Singapore hockey teams to play in Australian tournaments
Singapore hockey receives a huge boost after signing agreement with world giants
In 2013, a deal was agreed between the Singapore Hockey Federation (SHF) and the government of Western Australia to work together to develop the sport of hockey here.
In April, Singapore-based property and construction consultancy firm The Project Group put pen to paper on a two-year arrangement to have the company's logo on the playing kits of Hockey Australia's (HA) national teams, the men's Kookaburras and the women's Hockeyroos.
Now, the Republic's hockey ties Down Under have taken a giant leap.
At the Marriott Hotel at Orchard Road yesterday, SHF president Mathavan Devadas and HA chief executive officer Cameron Vale signed a Memorandum of Understanding (MOU) that will see the sport's giants help develop the game here.
It will involve exchange programmes featuring coaches, umpires and various officials sharing their knowledge and practices with Singaporeans.
The most exciting part of the deal - a three-year agreement which runs until Dec 31, 2018 - will see the entry of both the Singapore's men's and women's national teams into the Australian Championships, with the SHF aiming to send age-group teams to participate in one of the three age-group (Under-16, Under-18, Under-21) tournaments.
"Striking this deal with Singapore, above all other countries, was a no-brainer," said Vale, yesterday.
"It is a country where it makes perfect sense, with the existing political and economic ties both countries already have with each other, along with the presence of an Australian expatriate community and Australian companies down here.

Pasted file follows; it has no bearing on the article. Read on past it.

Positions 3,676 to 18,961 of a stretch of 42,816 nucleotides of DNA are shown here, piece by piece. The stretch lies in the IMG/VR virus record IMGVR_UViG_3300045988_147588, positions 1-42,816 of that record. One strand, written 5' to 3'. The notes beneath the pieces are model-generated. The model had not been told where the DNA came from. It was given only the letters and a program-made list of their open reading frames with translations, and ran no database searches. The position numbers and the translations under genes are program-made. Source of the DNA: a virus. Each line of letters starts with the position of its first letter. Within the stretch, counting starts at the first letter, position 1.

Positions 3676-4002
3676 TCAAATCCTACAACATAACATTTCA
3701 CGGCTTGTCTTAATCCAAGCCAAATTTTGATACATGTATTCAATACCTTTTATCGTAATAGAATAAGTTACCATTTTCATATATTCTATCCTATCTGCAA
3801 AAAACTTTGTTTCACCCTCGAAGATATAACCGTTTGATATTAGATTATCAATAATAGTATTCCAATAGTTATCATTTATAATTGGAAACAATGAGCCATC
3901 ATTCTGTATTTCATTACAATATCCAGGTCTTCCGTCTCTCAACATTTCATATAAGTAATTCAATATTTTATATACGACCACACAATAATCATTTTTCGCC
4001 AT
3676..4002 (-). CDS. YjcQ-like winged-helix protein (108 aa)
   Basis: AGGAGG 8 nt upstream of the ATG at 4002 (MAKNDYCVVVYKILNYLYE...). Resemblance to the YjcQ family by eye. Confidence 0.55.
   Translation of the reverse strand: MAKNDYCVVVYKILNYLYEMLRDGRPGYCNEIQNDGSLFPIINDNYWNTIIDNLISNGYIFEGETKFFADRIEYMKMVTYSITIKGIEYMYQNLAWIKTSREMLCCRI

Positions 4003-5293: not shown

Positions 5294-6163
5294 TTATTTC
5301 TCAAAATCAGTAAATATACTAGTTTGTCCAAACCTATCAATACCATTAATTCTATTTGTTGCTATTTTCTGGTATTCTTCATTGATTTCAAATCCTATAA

"It makes sense, because the problems for hockey, even on the international level, are revenue and sponsorship.
"The factors I stated will help to get what we need (revenue and sponsorship for Singapore hockey), so I'd say that it is a strategic location to set up a partnership."
Mathavan believes the MOU with one of the sport's powerhouses is a big step in the right direction for Singapore hockey.
"We've done some preliminary studies and we are looking at the officiating, coaching and youth development side of things.
"A lot of the upcoming programmes will kick off in the next financial year, so we still have some time to work out the nuts and bolts with HA.
"We're looking at exchange programmes among coaching and umpiring officials, to learn from each other and share and exchange ideas... of course, perhaps the most important aspect of this agreement is the work that can be done among the country's age-group teams.
"It's a good step, sending our age-group teams to age-group tournaments, because it exposes them to high-level play that can benefit the sport nationally, which of course includes promoting grassroots programmes for hockey, particularly in primary schools.
"When we work closely on our grassroots and youth development, then we move on to the next step, which is high performance.
"Developing top talent, or even improving on our world rankings, will take much more than three years, so we'll see how our current arrangements develop."
Despite Singapore being minnows at hockey on the international stage, Vale believes the MOU will be a successful relationship.
"What we've got here is a no-lose partnership," he said.
"This partnership we've got in place is a significant and far-reaching one, and it will reap rewards as the years go by.
"What we want to do here is to help improve the local game from the ground up, and the best reflection of that will be in three years' time.
"We're not looking at climbing the world rankings with immediate effect.
"Improved conditions, along with player and coach development are more important to growing the sport than rankings alone."